Museum of Vision

Dedicated to preserving ophthalmic history

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  1. Selections from the Sherman Collection
  2. History of Ophthalmology in the Asia Pacific
  3. Their Eyes to the Sky
  4. Great Insights and Great Thinkers in Ophthalmology
  5. Beyond Ophthalmology, Beyond the Clinic
  6. Extreme Vision: Science Fiction or Truth
  7. Contagion! Epidemics in Ophthalmic History
  8. The Eyes of War
  9. Spectacular Spectacles
  10. To Fool the Eye
  11. Windows to the Soul
  12. Picturing The Eye: Ophthalmic Film and Photography
  13. Collecting Ophthalmology: 30 Years at the Museum

Holocaust Memorial

Spectacles recovered from the Bergen-Belson concentration camp, 1945

Starting in 1938, the Nazi party purged German society, and then the populations of the nations it captured, of undesireables. These individuals were first forced into ghettos or concentration camps.  In 1939 labor camps were created. During Hitler's Final Solution, 1941-1945, the Nazis then built extermination camps where gas chambers and ovens were employed to kill people and dispose of the bodies.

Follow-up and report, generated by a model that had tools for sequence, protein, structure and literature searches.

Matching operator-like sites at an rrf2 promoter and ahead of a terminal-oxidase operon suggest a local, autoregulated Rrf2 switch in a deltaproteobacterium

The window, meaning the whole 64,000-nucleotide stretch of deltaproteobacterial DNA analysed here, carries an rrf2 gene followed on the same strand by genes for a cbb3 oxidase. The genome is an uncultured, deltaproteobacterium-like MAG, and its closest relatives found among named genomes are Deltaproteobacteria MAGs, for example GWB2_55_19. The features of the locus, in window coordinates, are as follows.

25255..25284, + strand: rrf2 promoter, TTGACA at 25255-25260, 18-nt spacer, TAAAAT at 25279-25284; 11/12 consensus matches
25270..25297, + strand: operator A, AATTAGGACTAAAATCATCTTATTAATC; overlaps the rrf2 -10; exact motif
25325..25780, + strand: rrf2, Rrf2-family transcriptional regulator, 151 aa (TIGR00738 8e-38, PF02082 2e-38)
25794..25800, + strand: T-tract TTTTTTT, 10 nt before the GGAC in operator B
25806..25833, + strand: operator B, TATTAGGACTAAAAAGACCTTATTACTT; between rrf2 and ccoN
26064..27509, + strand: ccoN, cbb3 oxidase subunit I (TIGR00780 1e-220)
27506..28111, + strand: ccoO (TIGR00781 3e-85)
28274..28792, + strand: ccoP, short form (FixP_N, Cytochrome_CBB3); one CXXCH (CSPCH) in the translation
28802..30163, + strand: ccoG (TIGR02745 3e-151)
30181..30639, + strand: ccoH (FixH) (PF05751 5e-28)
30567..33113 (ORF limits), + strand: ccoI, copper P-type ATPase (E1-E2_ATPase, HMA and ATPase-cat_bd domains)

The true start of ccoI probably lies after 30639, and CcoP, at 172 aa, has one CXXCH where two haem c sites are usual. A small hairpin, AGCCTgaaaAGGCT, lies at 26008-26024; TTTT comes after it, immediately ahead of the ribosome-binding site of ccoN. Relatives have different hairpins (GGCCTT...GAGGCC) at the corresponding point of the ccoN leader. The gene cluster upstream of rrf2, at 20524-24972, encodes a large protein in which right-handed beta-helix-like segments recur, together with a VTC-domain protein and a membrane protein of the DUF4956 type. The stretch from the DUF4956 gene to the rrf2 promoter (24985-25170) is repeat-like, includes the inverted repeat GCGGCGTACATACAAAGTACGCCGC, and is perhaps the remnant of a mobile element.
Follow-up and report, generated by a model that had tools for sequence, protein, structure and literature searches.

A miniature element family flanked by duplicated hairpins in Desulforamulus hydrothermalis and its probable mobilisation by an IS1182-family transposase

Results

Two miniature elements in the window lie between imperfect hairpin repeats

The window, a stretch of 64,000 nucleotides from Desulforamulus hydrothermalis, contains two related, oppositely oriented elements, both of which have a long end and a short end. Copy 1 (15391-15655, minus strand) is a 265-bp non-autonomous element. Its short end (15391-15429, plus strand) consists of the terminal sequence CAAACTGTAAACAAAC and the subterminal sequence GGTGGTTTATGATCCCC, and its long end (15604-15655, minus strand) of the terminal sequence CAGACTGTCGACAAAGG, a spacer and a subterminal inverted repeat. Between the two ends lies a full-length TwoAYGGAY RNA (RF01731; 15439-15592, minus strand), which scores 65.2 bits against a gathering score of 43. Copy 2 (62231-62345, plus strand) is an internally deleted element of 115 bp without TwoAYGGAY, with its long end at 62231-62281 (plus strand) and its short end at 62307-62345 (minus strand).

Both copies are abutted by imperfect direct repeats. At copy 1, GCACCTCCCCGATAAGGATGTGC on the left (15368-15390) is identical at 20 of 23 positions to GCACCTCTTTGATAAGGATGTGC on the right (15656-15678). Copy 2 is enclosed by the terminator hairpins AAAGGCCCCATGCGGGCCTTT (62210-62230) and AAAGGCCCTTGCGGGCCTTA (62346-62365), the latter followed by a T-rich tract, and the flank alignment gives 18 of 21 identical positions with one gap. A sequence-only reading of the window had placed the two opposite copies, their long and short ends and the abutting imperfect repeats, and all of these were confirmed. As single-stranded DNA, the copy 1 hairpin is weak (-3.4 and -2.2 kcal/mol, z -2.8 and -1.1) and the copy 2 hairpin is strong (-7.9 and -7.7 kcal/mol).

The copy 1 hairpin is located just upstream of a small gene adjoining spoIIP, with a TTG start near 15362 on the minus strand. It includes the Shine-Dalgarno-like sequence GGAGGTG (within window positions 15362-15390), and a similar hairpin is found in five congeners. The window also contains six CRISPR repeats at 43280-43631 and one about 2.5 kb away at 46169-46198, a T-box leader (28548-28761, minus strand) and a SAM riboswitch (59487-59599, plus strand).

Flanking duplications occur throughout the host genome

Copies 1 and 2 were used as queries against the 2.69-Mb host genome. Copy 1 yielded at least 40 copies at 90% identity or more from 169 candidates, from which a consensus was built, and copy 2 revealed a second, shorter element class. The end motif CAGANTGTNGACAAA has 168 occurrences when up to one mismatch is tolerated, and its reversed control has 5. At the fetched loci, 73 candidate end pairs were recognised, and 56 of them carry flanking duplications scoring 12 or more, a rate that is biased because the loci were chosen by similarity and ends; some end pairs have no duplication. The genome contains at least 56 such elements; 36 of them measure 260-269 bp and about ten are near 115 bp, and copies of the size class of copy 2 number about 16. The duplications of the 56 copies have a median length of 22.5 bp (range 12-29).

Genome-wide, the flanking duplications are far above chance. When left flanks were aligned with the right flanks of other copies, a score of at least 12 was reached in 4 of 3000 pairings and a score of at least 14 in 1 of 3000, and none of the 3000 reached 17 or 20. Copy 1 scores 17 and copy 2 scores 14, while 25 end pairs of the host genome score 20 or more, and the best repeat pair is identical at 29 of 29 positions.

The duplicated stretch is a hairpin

This state-sponsored genocide is widely known today as the Holocaust.  Although Jews were the primary victims of the Holocaust, countless others also suffered including Gypsies, Poles, the handicapped, Jehovah's Witnesses, homosexuals, prisoners of war and political dissidents.  Those murdered by the Nazis number well over 6 million people.

Located in Germany, Bergen-Belsen was established as a prisoner-of-war camp in 1940.  The population was made up of Soviet, French and Belgian soldiers until 1943 when the first Jewish prisoners were placed there.  A year later Bergen-Belsen was designated a concentration camp, and the Nazis used it as a way-station for prisoners on their way to the extermination camp at Auschwitz.  As Germany began to retreat from the western front, it moved more and more prisoners to interior camps, such as Bergen-Belsen, swelling its population to an unsustainable level.

On April 15, 1945, the 11th Armoured Division of Great Britain liberated Bergen-Belsen.  At the time there were 60,000 prisoners.  Liberators and survivors describe the camp as a living hell, with extremely poor sanitation, rampant disease, no food or water and scores of unburied bodies. It's estimated that over the five years of its existence, 50,000 people died there.  Among the prisoners of Bergen-Belsen was the young Anne Frank who died there one month before liberation.

Today there is a memorial on the site.

  1. Ophthalmology on the Home Front
  2. The Academy During Wartime
  3. Personal Stories
  4. Holocaust Memorial

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American Academy of Ophthalmology